[Ger-Poland-Volhynia] Bremen, Deaths of Sailors and Ship Passengers

Mauricio Norenberg mauricio.norenberg at gmail.com
Tue Aug 25 14:10:55 PDT 2015

Right, I found some sort of answer from the following 1998 article. But if
anyone has any personal experience on this I'd love to hear.

If ancestors were born or died on board an emigrant ship, the Bremen
Seemannsamt maintained records which may be helpful-they recorded births and
deaths aboard Bremen ships. These manuscripts are preserved in the Bremen
State Archives; entries often list the place of origin of children's parents
or of deceased persons: Archives' Register Number 4,24-D.5 contains births
for the years 1868-1883 and 1903-1911; Register Number 4,24-D.6 covers
certificates of birth and death received from 1875-1935 and 1936-1941 (but
only for names beginning with H, K, and V); Register Number 4,24-D.7
contains deaths for 1845-1875; Register Number 4,24-D.8 has deaths for
1834-1937; after 1850 these volumes are the index to the death protocols
found in 4,24-D.9 (1850-1937) and death entries from ships' logs found in
4,24-D.12 (1876-1941). If ancestors worked their way to America as crew
members, the Seemannsamt should be checked as well-they also maintained
copies of crew lists for Bremen ships that often include a person's place of
birth. Researchers writing to the city archives for information about
births, deaths, or service as crew members should provide the names of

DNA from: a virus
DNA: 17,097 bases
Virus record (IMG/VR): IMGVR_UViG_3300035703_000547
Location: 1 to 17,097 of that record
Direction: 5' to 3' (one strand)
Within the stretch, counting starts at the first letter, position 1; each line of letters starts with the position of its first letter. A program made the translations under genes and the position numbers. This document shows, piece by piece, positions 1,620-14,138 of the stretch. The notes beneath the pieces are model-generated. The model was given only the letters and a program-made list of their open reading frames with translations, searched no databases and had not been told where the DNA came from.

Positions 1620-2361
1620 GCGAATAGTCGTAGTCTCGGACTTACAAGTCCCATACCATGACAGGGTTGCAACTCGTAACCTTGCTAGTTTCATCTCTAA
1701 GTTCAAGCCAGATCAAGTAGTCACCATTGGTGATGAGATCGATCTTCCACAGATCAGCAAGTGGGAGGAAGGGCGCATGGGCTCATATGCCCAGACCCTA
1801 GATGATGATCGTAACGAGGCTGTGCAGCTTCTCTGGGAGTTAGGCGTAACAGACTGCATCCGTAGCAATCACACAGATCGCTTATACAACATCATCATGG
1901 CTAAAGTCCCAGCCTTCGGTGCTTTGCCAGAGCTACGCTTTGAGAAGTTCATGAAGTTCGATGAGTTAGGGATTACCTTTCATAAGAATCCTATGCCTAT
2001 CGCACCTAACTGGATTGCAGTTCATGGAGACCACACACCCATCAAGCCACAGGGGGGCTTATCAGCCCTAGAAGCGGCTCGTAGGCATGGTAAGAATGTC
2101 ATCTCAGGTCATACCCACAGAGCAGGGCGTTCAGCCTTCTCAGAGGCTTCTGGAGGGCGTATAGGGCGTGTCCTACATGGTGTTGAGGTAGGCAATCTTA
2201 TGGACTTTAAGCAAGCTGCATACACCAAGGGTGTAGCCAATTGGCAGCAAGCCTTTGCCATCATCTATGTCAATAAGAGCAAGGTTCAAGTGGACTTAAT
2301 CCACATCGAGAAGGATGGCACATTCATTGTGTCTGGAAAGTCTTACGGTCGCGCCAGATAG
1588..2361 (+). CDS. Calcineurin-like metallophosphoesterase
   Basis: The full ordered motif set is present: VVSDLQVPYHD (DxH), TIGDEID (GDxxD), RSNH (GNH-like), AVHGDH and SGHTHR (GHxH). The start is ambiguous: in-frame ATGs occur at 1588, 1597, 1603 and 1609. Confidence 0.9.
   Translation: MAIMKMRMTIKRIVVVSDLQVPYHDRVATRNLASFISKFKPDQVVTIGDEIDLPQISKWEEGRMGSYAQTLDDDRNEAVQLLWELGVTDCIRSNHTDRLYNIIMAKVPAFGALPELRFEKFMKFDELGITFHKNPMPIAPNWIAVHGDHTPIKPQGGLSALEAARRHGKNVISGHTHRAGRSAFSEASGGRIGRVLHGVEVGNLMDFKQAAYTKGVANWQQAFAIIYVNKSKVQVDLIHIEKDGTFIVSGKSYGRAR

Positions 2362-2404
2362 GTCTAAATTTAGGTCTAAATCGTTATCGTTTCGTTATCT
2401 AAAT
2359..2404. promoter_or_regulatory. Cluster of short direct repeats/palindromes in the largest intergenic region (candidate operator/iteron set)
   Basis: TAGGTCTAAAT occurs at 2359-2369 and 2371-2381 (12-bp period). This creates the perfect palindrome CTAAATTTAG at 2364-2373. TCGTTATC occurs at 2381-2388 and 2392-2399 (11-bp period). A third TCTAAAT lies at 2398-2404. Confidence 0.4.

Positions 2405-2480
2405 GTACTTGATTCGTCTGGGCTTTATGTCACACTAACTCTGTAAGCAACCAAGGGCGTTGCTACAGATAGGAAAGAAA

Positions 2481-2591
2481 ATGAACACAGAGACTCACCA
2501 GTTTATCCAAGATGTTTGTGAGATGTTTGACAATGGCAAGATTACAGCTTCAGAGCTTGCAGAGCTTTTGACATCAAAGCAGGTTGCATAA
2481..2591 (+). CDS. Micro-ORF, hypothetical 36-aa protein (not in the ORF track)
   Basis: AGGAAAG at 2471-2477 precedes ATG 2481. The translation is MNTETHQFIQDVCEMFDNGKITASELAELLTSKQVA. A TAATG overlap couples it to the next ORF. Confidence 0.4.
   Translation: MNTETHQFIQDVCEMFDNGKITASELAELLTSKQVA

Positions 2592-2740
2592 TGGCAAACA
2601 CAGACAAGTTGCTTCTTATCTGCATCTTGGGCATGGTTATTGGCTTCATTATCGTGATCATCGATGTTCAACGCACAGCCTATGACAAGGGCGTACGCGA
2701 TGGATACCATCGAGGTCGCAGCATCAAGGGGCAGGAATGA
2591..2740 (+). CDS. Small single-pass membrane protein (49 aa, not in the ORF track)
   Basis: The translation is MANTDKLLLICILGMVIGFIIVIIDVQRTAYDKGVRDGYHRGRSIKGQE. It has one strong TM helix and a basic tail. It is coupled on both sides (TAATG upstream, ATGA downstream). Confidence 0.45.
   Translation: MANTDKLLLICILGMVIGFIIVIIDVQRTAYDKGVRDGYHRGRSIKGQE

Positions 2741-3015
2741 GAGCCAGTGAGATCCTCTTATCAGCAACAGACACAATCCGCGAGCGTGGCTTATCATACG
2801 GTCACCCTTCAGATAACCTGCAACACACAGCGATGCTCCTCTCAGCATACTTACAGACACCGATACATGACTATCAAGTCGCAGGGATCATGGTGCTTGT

persons sought and the dates of birth or death or service, if they are

This article originally appeared in Ancestry Magazine,
March/April 1998, Vol. 16, No. 2. It has been split into two parts. The
first half, which focused on the port of Hamburg appeared in yesterday's
Ancestry Daily News. The entire text of the article is available online at:

On 26 August 2015 at 08:56, Mauricio Norenberg <mauricio.norenberg at gmail.com
> wrote:

> What are the primary sources to possibly get a death certificate from a
> toddler who has passed away en-route?
> Verbal history tells that my ggrandfather's 2 year old child, Paul
> Nörenberg, passed away and was buried at the sea. But same toddler appears
> later on, after arriving the destination.
> The ship was named Wurzburg and the sail was in October 1908.
> Where this death certificate would be stored, back to Germany or back to
> the destination (Brazil) or both?
> Online sources I found so far don't cover the year of 1908.
> Any clues much appreciated

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